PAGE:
September 26, 2023

In a study by Everson et al. originally published in the journal Arteriosclerosis, Thrombosis, and Vascular Biology in 1997, it was shown that “hopelessness contributes to accelerated progression of carotid atherosclerosis, particularly among men with early evidence of atherosclerosis and that chronically high levels of hopelessness may be especially detrimental.”
A study by Whipple et al. published in 2009 showed similar results in women: “Among middle aged women, higher levels of hopelessness are associated with greater subclinical atherosclerosis independent of age, race, income, cardiovascular risk factors, and depressive symptoms.”
While additional studies try to analyze the role of other factors, these studies show it is important for us to know that our mental or psychological status can affect our body, our physical status.
Atherosclerosis is the thickening or hardening of arteries, the blood vessels through which oxygenated blood passes through to deliver oxygen and nutrients to our body organs.
The so-called vital organs – the brain and the heart are often discussed – low or no blood flow to the brain can cause stroke. No or low blood flow to the heart can cause heart attack. But we also have to remember that even other parts of the body can be affected, like the lower extremities.
When blood flow to our limbs is decreased or cut off, we develop leg pains, cramps, or gangrene, and a worse scenario is leg amputation especially among persons with risk factors like diabetes mellitus and smoking.
Atherosclerosis is due to the buildup of plaque in the intima, the inner lining of arteries. This lining is thin and very delicate and fatty substances, cholesterol, cellular waste products, fibrin, and calcium can form deposits on it. These deposits build up the wall of the artery thickens.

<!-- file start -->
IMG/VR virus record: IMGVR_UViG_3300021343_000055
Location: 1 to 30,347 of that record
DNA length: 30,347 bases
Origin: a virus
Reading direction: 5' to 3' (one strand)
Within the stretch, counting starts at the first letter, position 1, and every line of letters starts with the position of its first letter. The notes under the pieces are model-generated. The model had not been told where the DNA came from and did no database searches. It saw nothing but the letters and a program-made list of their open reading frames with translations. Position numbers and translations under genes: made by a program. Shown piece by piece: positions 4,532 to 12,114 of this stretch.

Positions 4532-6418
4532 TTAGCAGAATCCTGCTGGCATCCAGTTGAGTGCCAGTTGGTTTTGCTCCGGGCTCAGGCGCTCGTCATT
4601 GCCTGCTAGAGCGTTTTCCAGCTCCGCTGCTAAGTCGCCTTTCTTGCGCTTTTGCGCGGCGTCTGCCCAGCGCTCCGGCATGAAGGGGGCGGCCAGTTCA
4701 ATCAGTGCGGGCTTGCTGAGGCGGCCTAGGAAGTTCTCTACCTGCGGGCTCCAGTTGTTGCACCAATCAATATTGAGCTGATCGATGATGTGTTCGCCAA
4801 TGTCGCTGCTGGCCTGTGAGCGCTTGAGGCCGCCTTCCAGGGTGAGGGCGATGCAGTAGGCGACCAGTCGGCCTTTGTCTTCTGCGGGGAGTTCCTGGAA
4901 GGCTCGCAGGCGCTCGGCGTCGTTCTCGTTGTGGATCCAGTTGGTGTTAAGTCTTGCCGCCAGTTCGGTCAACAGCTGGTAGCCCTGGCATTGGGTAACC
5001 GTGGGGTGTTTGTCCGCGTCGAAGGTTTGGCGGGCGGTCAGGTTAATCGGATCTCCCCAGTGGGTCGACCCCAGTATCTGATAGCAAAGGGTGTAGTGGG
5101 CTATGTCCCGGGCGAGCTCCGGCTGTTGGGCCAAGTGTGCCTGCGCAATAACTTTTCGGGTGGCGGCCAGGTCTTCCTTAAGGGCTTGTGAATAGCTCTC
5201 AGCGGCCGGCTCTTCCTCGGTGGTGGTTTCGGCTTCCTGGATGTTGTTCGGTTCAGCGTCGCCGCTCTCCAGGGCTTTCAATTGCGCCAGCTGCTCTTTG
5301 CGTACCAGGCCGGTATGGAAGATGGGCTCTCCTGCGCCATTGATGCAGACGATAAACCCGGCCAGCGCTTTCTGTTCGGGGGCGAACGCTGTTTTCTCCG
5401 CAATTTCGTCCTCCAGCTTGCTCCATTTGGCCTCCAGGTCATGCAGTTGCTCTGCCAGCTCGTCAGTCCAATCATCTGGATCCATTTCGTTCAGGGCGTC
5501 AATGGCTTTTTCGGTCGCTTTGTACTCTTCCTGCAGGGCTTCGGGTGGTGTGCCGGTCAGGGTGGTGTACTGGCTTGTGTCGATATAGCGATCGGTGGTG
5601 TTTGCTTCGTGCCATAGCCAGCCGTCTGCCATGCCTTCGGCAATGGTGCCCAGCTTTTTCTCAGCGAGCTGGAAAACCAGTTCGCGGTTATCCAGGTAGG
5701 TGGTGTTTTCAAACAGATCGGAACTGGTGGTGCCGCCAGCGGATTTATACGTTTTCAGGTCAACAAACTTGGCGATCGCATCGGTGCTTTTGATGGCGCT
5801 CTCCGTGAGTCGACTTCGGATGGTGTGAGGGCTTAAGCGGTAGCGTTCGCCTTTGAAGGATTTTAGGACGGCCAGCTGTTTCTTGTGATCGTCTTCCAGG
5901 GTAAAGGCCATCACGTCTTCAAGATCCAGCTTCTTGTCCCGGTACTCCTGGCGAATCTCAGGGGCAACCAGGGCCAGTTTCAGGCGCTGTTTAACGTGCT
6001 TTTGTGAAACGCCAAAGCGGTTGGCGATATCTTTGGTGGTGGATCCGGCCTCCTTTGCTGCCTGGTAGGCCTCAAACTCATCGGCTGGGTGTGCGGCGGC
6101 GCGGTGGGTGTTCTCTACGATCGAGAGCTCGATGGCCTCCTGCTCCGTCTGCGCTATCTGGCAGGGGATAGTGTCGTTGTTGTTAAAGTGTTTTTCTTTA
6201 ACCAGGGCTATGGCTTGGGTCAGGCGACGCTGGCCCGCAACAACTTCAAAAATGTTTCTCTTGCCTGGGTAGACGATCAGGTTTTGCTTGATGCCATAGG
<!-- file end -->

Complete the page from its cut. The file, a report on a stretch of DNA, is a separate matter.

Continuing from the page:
Lockdowns are being eased up and anxiety, depression, and feelings of hopelessness can in part be solved by increasing our social interactions, going out to enjoy nature, and to have much-needed break. We do this while observing basic social distancing and masking. And while the role or usefulness of face shields is being studied and we await official guidelines, use one when you are in crowded areas and in enclosed spaces.

The United Kingdom has already authorized and approved the use of the antiviral pill Molnupiravir for high-risk Covid-19 patients and is the first country to do so. The capsule can be taken by persons who have tested positive for SARS-CoV-2, have mild to moderate disease, and have at least one risk factor for developing severe illness – obesity, age over 60 years old, or heart disease. Authorization in the United States is expected in December. It has been shown that the drug significantly lowers the risk of hospitalization and death from the viral infection by as much as 50 percent.

The U.S. Food and Drug Administration has authorized the use of another cocktail of monoclonal antibodies – bamlaminivimab plus etesivimab for the treatment of mild to moderate Covid-19 also in persons at risk for developing severe disease. This is in addition to two monoclonal antibodies already authorized for use – the combination of casirivimab plus imdevimab, and the mono therapy sotrovimab.

A study which purportedly showed that the drug Ivermectin could treat patients with Covid-19 has been retracted from a journal where it was published. The medical paper, “Effects of a Single Dose of Ivermectin on Viral and Clinical Outcomes in Asymptomatic SARS-CoV-2 Infected Subjects: A Pilot Clinical Trial in Lebanon,” was published in the journal Viruses in May 2021 and the American Journals of Therapeutics in June 2021 and was cited and tweeted several times and with high rank among papers on the topic. The lead author Ali Samaha of the Lebanese University of Beirut stated after he and his team revised the raw data, they “realized that a file that was used to train a research assistant was sent by mistake for analysis.”

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